The dumbbell hammer curl is an awesome bicep exercise that puts emphasis on both the biceps brachii and the brachialis. This version of the curl works the forearms more than the regular curl which makes it an excellent overall upper arm developer.
Dumbbell Hammer Curl Execution
- 1Hold a dumbbell in each hand
- 2Keep the dumbbells by your sides with the palms facing the torso
- 3Hammer the left dumbbell up without rotating the wrist
- 4Contract the upper arm up top
- 5Go back down slowly
- 6Repeat on the opposite side
- 7Alternate between sides
Tips to Get More Out of Dumbbell Hammer Curl
Common Dumbbell Hammer Curl Mistakes
The tendency to swing the back when curling is common to all types of curls. When you use momentum in this way you negate the benefits of the exercise to the biceps. Not only does it take the tension off the target muscle, but it also puts your lower back at risk of injury due to the excessive swing involved.
The main reason that people use momentum when doing the dumbbell hammer curl is that they are using too much weight. To eliminate this tendency, start developing the mind-muscle connection by focusing more on the feel in the target muscle than the weight on the bar.
Most people do their curling work too fast. For maximum hypertrophy potential, each set that you perform should last about 45 seconds. If you are doing 10 reps, that means that you should be spending about 4.5 seconds on each rep. That is about twice as long as most people currently use to perform a rep.
In order to increase your overall time under tension, you should adjust your rep cadence. I recommend using the following cadence: 2-1-2.5.
That means that you should take 2 seconds to lift the weight, 1 second to hold the top contracted position, and 2.5 seconds to lower the weight.
A reason that some people may be using too much speed is that they are not using enough weight. if you feel that may be the case for you, add 2.5 pounds and try doing 8 reps using the cadence that I've recommended. If you can perform your set following the cadence scheme and with good form, stick with that weight until you are ready to push beyond it (which will be when you are able to do 12 reps at the weight you are currently performing for 8 reps).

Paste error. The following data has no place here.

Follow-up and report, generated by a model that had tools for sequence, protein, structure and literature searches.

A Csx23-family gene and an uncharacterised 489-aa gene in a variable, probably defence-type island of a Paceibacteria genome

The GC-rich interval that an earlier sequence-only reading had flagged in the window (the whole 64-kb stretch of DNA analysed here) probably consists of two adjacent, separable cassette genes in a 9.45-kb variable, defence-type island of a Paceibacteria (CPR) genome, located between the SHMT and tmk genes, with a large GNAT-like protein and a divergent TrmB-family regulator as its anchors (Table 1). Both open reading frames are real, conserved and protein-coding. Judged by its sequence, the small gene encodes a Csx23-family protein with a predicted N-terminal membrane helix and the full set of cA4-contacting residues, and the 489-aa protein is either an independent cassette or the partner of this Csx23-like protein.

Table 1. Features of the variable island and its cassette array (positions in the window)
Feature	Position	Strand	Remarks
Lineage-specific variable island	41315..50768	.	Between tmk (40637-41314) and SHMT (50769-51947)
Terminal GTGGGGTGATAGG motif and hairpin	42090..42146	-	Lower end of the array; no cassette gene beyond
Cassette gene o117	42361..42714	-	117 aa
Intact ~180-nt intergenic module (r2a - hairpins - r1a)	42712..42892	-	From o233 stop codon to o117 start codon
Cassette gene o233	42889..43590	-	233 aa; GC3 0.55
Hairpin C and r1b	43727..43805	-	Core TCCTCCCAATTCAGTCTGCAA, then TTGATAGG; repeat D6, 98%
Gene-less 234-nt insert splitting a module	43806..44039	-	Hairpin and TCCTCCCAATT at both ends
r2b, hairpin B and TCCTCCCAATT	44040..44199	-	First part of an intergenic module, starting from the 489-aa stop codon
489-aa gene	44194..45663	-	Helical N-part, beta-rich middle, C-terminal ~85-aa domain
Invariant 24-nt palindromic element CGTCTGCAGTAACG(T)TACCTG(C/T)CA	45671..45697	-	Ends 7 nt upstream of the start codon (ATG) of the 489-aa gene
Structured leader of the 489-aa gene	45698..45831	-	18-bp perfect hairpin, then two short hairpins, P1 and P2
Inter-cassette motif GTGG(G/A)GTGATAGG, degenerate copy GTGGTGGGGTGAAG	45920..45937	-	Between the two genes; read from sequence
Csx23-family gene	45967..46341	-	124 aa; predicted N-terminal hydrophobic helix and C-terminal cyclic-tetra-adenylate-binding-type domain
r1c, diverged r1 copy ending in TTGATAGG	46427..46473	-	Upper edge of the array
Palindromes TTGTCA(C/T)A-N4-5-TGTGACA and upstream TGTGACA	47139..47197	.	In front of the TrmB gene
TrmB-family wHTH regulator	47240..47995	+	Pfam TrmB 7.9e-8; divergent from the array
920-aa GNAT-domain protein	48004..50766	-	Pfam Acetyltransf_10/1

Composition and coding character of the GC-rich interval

When you allow the elbows to move away from your side, you start to bring the front deltoids into the curling movement. It is easy for the front delts to dominate at the expense of the biceps. Focus on only moving up and down with your forearms while doing this exercise. If you are unable to do this, it is a sure sign that the dumbbells in your hands are too heavy. Put them back on the rack and grab a lighter pair.
Dumbbell Hammer Curl Variations
Seated Hammer Curl
Seated hammer curls is a stricter version of the movement because it takes the momentum out of the exercise. To perform this exercise, sit on a bench with a 90 degree back support. Sit with a pair of dumbbells in your hands and your palms in a neutral position (facing the thighs).
Be sure to keep your back against the bench as you curl up with your forearms. Hold the contracted position and then lower to the start position under control.
Rope Hammer Cable Curl
Stand in front of a single cable pulley machine and place the pulley at the lowest setting. Put a rope handle on the end of the cable and grab it with a neutral grip (palms facing each other). Curl the handles up to full contraction, hold for a second, and then lower to the start position.
There are many benefits to using a cable pulley machine for the hammer curl. When you do the hammer curl with dumbbells the resistance is acting straight down as a result of the force of gravity. However, that is not in harmony with the natural strength curve of the biceps. When you are using a cable, however, the direction of resistance is no longer straight up and down but on an angle that is close to perpendicular to the operating lever (which is the forearm). That is much closer to the ideal range of motion of the biceps.
Using a cable also more closely mirrors the ideal resistance curve of the biceps. All muscles, including the biceps, are strongest during the first third of their range of motion. They then diminish their strength as the range of motion progresses. When you do the hammer curl with dumbbells, however, you get the opposite effect - the exercise is easier at the beginning and harder at the end. The cable curl is the only version of the curl that reverses this so that it ideally replicates the biceps' natural strength curve - it is harder during the first third of the curl, then gets easier as you progress toward the completion of the curl.